Entities that process consumer data on behalf of a data controller must also comply with several compliance requirements included throughout the OCPA. In particular, the Oregon Consumer Privacy Act requires data processors to help data controllers meet their compliance obligations, including collaborating to process consumer requests. 

OCPA penalties, fines, and enforcement

The Oregon Consumer Privacy Act does not afford consumers the private right of action. Instead, enforcement authority lies solely with the Oregon Attorney General. If the Attorney General’s office determines an entity is violating the OCPA, it must notify the entity of the violation. The attorney general may also grant offenders a 30-day grace period to fix their violations. However, this grace period provision is only valid through January 1, 2026.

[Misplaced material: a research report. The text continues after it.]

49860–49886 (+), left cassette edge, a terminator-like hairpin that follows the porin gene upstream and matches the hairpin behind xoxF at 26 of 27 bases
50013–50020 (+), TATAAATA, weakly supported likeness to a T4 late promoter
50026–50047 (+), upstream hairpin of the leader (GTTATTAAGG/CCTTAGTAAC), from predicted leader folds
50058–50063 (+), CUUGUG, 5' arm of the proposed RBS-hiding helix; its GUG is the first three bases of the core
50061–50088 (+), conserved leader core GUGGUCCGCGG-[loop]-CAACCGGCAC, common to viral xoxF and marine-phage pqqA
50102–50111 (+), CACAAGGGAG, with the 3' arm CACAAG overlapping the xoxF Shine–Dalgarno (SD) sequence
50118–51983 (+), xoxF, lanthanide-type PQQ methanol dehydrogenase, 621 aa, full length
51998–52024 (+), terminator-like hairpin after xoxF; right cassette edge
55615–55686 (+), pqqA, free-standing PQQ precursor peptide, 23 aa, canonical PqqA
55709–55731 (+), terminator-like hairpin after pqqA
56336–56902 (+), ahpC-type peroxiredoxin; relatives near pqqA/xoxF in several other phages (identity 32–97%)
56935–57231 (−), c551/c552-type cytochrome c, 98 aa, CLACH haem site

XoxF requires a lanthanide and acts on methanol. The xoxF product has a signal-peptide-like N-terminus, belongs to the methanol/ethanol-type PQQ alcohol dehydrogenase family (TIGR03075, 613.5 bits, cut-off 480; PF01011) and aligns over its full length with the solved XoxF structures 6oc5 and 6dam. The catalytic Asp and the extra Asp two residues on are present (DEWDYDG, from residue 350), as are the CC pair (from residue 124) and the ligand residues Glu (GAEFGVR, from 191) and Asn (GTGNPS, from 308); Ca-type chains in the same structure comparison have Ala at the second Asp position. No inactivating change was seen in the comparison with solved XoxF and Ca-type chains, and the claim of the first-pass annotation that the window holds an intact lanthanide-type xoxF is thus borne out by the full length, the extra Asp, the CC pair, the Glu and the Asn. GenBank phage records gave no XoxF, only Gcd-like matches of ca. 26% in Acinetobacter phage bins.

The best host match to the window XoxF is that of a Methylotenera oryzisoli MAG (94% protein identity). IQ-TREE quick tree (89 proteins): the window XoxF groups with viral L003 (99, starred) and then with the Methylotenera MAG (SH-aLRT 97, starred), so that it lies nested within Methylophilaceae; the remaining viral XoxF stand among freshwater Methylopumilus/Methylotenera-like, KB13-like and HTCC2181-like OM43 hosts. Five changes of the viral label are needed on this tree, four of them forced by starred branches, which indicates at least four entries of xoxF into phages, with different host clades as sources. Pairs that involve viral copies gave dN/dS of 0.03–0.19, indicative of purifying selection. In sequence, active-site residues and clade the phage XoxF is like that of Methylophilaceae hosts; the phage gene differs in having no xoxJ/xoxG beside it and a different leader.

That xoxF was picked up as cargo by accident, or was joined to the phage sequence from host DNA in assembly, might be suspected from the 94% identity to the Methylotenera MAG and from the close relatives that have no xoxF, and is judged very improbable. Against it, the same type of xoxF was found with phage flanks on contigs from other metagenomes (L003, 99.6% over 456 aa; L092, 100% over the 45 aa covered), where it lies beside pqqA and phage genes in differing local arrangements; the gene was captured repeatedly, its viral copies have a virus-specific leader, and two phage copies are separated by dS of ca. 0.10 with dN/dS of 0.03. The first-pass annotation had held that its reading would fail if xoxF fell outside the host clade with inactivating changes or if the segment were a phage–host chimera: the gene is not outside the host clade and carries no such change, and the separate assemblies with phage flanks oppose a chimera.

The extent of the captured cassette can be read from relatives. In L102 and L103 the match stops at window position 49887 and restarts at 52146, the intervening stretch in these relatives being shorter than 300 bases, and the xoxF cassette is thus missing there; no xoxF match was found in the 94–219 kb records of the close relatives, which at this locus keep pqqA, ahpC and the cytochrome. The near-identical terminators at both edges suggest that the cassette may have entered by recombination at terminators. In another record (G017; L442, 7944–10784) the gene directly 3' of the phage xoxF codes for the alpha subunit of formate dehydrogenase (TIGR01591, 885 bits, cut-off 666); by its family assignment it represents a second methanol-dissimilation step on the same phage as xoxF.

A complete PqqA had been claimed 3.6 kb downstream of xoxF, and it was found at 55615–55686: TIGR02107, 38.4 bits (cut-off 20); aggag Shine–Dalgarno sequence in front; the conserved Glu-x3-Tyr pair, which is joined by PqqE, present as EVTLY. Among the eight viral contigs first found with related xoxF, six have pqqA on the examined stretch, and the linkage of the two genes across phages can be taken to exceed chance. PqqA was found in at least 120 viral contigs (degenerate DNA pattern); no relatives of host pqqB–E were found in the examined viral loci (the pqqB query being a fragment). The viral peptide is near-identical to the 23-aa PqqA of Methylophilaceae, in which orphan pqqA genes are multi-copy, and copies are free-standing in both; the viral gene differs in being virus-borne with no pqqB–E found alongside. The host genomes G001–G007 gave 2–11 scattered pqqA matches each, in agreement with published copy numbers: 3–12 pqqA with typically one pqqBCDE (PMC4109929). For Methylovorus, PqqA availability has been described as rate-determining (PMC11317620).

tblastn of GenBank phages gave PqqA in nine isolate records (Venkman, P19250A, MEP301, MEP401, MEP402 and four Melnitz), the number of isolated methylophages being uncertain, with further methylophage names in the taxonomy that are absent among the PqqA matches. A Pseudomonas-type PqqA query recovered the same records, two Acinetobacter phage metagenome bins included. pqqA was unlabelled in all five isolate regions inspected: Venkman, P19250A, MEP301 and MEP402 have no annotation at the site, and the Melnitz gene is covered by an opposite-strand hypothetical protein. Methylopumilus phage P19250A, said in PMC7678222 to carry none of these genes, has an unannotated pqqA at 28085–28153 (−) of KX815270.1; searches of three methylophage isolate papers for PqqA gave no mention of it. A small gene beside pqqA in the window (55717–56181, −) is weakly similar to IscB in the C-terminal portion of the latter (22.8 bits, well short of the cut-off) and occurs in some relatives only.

Entities that do not comply with the OCPA may receive civil penalties of up to $7,500 per violation and be liable for attorney fees, expert witness fees, and investigation costs if the attorney general prevails in court. 

List of US state privacy regulations

Achieve comprehensive OCPA compliance with UpGuard

If achieving OCPA compliance seems overwhelming for you or your organization, consider utilizing a comprehensive cybersecurity solution, like UpGuard, to streamline compliance management across your first and third-party ecosystems. 

UpGuard offers organizations across industries robust third-party risk management (TPRM) and compliance management tools that help identify, assess, remediate, and document third-party compliance risks, all in one intuitive software. 

Here’s how UpGuard has helped organizations similar to yours with TPRM and compliance management:

  • Mattress Firm: “When I add a new vendor in UpGuard, I see their ratings and download the report to keep as a baseline. I can also identify any outstanding remediation issues on existing vendors and ensure they’re resolved.”